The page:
Best Online Options Brokers

Not all online brokers will allow you to trade options, so be sure to select a broker that does. You’ll also want to check that any online broker you’re considering is properly regulated in their local jurisdiction and taking clients from your country. To make it easier to select a broker, the following table shows Benzinga’s choices for the best online options brokers.





Interactive brokers

Option commissions range from $ 0.15 to $ 0.65 per US option contract with Interactive Brokers. You can generate additional income with the Write / Rollover Options tool. The writing tool analyzes your stock positions and calculates the number of covered options to write compared to your unhedged stocks. Use the Rollover Tool to replace options that are about to expire with a similar option with a later expiration date.

The Options Portfolio continuously and efficiently scours market data to find low cost option strategies to align a portfolio with user-defined goals for Greek risk dimensions (Delta, Gamma, Theta and Vega).

Before you get started in options trading

If you are new to the options market, avoid getting started without fully understanding how these derivatives work and what the risks are in using them. Learn about options trading by reading books and articles written by experts – your preparation can help you avoid the pitfalls.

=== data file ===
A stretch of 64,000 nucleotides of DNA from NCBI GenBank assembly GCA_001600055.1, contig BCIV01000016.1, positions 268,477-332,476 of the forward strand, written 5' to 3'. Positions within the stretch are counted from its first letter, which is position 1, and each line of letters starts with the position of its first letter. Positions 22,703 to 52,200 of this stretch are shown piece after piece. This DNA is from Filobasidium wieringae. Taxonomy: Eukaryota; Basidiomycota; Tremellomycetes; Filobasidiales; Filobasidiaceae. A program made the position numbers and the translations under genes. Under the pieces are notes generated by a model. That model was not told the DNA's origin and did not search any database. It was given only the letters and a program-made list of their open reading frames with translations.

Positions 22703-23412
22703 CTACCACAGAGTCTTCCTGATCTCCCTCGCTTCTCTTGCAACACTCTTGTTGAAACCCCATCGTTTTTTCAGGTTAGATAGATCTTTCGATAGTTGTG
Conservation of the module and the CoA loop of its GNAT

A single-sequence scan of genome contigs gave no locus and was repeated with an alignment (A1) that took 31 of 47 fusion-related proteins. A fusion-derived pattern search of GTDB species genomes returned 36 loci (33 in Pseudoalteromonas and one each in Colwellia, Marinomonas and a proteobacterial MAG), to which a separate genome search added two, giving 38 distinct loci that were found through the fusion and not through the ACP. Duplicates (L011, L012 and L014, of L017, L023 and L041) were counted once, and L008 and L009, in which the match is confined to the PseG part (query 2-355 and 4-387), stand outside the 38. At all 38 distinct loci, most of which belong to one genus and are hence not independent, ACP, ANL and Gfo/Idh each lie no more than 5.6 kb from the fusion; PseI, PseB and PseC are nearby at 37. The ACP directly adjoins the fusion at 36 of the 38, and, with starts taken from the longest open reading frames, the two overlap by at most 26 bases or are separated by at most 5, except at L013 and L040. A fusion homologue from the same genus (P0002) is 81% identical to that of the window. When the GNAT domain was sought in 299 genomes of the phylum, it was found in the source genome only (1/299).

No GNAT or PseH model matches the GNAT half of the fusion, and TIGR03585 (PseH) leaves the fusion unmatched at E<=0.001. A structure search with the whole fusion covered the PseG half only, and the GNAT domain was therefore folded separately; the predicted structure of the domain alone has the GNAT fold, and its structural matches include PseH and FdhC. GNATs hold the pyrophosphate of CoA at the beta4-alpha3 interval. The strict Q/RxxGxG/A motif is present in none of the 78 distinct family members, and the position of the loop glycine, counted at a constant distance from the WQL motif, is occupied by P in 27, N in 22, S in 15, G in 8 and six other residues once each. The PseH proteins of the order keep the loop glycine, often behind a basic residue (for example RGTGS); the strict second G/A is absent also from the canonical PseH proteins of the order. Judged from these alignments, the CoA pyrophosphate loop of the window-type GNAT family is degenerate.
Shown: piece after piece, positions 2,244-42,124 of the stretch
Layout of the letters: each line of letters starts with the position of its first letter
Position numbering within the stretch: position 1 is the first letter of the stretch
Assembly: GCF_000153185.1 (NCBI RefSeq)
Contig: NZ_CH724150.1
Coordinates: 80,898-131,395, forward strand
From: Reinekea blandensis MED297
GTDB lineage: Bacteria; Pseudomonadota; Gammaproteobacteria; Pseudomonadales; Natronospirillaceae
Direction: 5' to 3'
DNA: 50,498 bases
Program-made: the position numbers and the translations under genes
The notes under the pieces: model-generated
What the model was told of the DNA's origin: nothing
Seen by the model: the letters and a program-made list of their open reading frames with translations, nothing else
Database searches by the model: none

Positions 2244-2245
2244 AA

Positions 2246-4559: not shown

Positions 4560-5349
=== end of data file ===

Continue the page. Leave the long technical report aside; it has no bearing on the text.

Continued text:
Plotting and reviewing the payoff profiles for any option strategies you plan to adopt also generally makes sense. This allows you to assess the upside and downside potential of an options trade, and lets you know when you may need to anticipate or take evasive action after a market change.

Frequently Asked Questions

Which options strategy presents the highest levels of risk?

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Which options strategy presents the highest levels of risk?

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Luc Jacobi

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Selling uncovered calls carries the most risk.

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What are the biggest mistakes in options trading?

1

What are the biggest mistakes in options trading?

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Luc Jacobi

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The most common include illiquid options trading, no exit strategy, and compensation for past losses.